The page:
Skip to main content

Real-time PCR diagnosis of Plasmodium vivax among blood donors



When selecting blood donors in transfusion centres, one important problem is to identify, during screening, individuals with infectious diseases that can be transmitted by blood, such as malaria, especially when the parasite densities are very low. This problem is particularly severe in endemic areas, such as the Brazilian Amazon. In the present study, molecular diagnostic (real-time PCR) of Plasmodium vivax was used to identify blood donors infected with malaria parasites.


Samples from 595 blood donors were collected in seven haemotherapy centres in northern Brazil located in areas at risk for malaria transmission, and the analyses were performed by real-time PCR with TaqMan probes on 7500 Real-Time PCR Systems, to genotype the mitochondrial DNA region specific to P. vivax. The experiment was designed for hybridization of the cytochrome c oxidase genes of the mitochondrial genome (GenBank GI63022502). The serological data were obtained using enzyme-linked immunosorbent assay - ELISA (Anti-HIV, Anti-HTLV I-II; Anti-HVC, HBsAg, Anti-HBc, Chagas disease) and VDRL (Syphilis) from the Blood Bank System of the Haematology and Haemotherapy Centre of Pará.


The assay identified eight individuals in the sample (1.34%) infected with P. vivax at the time of blood donation. This percentage was higher than the altered serological results (reactive or inconclusive) of the prevalence of anti-HIV (0.67%), anti-hepatitis C virus (0.34%), anti-hepatitis B surface antigen (0.67%), anti-human T-lymphotropic virus I/II (1.18%), anti-Chagas disease (0.17%) and syphilis (VDRL) (0.50%), but not higher than anti-hepatitis B core antigen antibodies (4.37%). This result indicates the need to use more sensitive methods of diagnosing malaria in blood banks.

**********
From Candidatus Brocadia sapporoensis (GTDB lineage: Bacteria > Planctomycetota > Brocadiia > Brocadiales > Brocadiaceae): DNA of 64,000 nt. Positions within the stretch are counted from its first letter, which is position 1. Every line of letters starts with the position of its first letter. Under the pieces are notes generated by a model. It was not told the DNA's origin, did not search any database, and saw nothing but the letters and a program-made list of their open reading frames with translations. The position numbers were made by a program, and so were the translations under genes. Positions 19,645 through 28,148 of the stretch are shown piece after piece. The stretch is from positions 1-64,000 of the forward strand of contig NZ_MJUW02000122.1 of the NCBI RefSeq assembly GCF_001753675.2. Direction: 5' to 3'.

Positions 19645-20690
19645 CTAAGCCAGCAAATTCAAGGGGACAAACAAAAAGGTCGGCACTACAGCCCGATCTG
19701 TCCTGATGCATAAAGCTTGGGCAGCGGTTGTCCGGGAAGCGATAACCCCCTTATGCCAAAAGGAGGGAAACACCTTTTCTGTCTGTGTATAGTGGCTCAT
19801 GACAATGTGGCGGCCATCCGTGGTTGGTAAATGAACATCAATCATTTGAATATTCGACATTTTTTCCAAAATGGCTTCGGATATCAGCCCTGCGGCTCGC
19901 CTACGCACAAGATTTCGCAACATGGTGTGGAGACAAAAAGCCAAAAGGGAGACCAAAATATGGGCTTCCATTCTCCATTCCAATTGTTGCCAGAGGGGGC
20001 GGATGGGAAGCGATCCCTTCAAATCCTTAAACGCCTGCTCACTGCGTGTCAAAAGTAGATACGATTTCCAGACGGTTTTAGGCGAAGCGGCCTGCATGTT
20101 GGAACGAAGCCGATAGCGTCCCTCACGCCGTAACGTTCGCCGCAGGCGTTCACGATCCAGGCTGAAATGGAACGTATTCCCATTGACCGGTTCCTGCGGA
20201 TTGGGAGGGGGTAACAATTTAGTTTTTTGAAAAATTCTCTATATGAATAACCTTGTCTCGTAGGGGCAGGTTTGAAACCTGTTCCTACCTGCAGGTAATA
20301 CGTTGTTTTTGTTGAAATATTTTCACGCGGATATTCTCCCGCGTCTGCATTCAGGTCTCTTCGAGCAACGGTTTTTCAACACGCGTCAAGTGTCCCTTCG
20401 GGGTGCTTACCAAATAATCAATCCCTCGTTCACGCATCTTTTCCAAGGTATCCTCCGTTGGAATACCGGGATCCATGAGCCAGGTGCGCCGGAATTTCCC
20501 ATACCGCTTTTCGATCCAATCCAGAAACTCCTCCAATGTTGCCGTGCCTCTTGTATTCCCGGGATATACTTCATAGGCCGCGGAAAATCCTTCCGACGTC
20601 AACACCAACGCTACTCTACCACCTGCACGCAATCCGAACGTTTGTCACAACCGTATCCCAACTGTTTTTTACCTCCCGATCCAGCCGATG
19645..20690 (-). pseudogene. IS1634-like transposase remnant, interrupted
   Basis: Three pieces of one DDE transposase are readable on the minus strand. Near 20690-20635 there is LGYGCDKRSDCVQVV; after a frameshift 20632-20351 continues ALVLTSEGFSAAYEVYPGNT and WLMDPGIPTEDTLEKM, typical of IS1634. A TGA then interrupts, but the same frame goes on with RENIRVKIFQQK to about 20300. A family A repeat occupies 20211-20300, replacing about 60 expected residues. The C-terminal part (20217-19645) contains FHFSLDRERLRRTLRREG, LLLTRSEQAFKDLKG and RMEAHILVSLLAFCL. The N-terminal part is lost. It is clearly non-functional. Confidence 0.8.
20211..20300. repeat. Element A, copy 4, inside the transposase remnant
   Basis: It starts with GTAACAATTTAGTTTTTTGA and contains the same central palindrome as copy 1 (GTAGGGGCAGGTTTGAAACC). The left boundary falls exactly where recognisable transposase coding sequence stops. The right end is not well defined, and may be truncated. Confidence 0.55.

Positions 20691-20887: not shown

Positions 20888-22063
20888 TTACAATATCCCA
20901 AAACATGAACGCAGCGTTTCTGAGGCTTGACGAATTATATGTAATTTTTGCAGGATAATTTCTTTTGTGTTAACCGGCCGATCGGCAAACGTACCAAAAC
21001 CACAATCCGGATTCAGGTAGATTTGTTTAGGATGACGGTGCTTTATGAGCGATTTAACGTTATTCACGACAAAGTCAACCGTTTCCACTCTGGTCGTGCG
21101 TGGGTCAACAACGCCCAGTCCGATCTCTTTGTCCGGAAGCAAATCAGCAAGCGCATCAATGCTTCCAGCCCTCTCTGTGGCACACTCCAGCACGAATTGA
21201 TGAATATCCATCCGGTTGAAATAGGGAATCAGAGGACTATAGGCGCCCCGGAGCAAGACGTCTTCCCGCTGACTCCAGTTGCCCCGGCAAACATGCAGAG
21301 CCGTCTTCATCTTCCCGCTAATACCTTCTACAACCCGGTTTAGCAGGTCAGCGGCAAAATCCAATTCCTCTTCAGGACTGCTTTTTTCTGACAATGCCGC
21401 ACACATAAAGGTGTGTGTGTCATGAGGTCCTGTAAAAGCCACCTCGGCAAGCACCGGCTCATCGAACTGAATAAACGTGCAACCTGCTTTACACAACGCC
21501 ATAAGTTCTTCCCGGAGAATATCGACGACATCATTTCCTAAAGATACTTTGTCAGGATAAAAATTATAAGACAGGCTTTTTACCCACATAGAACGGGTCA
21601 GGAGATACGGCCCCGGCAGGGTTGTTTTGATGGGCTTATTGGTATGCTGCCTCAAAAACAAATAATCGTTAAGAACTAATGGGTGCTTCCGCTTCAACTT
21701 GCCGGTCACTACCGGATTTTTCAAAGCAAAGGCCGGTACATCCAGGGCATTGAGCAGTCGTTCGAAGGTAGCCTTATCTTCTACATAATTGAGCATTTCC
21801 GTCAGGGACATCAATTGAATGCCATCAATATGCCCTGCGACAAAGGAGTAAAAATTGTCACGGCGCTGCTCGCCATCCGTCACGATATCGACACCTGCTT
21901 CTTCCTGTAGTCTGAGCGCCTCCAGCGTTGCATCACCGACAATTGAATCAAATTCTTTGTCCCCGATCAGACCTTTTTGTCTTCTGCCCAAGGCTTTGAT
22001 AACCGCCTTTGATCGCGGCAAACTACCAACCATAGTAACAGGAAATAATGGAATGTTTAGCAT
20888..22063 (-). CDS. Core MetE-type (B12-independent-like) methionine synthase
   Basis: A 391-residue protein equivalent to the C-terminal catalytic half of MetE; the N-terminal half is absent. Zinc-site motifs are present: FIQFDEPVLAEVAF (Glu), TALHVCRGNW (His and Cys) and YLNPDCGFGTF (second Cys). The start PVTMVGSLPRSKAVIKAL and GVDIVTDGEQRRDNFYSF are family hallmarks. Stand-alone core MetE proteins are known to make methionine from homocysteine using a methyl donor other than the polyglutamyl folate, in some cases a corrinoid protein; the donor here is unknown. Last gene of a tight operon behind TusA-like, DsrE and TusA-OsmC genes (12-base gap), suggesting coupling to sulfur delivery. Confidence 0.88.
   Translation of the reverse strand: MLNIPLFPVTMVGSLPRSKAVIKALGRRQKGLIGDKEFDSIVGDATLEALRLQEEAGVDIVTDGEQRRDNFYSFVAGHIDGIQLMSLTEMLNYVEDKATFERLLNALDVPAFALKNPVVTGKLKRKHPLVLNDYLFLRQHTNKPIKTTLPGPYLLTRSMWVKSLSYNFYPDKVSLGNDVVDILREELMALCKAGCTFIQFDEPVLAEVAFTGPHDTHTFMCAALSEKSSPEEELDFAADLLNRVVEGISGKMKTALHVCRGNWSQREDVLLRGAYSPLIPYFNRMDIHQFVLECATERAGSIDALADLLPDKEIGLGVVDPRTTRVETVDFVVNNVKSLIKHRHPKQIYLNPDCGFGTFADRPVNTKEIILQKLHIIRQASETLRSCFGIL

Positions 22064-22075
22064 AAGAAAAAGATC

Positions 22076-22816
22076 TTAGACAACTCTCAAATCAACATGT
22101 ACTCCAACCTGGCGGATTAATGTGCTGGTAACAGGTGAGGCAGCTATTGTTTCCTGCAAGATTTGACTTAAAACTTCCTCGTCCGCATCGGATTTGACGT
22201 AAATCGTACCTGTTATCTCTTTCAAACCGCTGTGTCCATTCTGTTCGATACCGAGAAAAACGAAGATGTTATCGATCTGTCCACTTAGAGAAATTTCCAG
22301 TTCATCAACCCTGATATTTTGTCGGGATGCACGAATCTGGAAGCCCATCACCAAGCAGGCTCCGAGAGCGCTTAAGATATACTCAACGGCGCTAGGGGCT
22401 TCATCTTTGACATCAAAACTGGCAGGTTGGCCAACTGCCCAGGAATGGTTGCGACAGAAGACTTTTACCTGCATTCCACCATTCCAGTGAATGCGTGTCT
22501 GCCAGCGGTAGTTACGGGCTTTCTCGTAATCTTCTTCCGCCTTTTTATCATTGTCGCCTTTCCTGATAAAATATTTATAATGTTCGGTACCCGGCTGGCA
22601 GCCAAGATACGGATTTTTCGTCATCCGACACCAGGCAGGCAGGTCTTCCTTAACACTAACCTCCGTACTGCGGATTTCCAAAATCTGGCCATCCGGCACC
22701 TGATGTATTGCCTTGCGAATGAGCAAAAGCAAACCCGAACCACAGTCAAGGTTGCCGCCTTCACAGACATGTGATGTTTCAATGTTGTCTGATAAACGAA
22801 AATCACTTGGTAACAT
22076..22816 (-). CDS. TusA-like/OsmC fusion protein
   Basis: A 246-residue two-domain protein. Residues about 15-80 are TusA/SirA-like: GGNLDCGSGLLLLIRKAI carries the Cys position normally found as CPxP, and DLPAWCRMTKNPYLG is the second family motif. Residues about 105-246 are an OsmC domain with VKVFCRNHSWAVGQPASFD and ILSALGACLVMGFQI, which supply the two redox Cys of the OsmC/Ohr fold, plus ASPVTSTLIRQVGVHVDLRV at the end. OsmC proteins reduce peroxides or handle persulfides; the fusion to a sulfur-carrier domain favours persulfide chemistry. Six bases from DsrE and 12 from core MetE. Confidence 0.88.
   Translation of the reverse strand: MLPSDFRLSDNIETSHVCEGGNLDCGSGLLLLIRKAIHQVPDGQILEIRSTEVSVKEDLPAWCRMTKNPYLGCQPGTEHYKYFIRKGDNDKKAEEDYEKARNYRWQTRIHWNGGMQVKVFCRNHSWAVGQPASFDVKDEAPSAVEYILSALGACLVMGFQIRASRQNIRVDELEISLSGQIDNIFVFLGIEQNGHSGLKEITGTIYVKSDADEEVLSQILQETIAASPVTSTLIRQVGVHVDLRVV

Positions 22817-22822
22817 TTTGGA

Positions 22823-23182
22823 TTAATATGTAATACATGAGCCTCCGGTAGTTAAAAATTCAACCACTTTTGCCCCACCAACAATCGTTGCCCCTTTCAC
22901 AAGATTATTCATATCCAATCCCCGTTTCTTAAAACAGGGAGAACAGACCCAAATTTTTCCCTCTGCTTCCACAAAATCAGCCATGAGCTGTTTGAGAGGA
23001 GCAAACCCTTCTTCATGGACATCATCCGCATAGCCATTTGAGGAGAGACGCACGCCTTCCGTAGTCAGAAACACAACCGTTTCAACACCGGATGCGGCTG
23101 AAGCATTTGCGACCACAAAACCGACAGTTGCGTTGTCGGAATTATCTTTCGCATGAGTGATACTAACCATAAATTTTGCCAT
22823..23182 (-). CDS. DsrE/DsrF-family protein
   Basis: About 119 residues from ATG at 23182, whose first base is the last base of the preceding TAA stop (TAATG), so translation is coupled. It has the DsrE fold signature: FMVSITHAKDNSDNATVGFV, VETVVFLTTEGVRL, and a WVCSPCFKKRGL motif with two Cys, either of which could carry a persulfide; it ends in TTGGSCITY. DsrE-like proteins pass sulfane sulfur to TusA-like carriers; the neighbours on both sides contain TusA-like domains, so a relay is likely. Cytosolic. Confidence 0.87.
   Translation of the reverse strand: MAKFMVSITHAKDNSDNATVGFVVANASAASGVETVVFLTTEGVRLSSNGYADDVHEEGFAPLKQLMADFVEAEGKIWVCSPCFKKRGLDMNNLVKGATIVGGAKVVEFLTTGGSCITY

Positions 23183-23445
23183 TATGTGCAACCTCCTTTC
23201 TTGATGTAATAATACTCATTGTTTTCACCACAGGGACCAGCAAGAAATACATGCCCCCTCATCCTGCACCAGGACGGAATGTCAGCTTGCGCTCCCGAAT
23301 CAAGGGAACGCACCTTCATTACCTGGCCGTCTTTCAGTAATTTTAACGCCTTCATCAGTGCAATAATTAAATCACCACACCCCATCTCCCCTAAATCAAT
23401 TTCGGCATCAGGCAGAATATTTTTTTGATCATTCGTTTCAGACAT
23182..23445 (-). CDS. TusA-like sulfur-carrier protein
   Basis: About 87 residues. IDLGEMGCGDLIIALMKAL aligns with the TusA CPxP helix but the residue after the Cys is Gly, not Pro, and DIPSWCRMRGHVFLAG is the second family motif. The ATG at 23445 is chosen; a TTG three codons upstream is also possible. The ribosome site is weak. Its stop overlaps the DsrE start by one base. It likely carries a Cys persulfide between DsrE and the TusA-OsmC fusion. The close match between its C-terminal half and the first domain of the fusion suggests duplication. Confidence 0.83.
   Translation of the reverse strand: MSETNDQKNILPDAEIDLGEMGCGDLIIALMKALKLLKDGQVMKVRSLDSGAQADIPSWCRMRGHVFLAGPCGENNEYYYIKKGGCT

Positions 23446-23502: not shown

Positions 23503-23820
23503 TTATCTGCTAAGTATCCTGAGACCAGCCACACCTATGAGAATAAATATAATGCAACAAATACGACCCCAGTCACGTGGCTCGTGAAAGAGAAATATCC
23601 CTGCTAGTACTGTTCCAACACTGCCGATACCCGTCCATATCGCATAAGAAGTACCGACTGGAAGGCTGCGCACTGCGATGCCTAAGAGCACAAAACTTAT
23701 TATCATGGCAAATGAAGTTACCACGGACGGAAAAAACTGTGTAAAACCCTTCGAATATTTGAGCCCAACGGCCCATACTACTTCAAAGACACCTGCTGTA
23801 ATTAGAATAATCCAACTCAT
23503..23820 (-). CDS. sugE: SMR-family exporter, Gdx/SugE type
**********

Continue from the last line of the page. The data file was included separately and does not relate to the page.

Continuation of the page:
The real-time PCR with TaqMan probes enabled the identification of P. vivax in a high proportion of clinically healthy donors, highlighting the potential risk for transfusion-transmitted malaria. Additionally, this molecular diagnostic tool can be adopted as a new laboratory screening method in haemotherapy centres, especially in malaria-endemic areas.


Malaria is recognized as a serious public health problem, occurring in tropical and regions such as Africa, Asia and Central and South America. In 2010, there were an estimated 216 million new cases of malaria, with 655,000 deaths[1]. Further, in malaria transmission areas asymptomatic carriers of Plasmodium have been described, including studies carried out in South America[2, 3].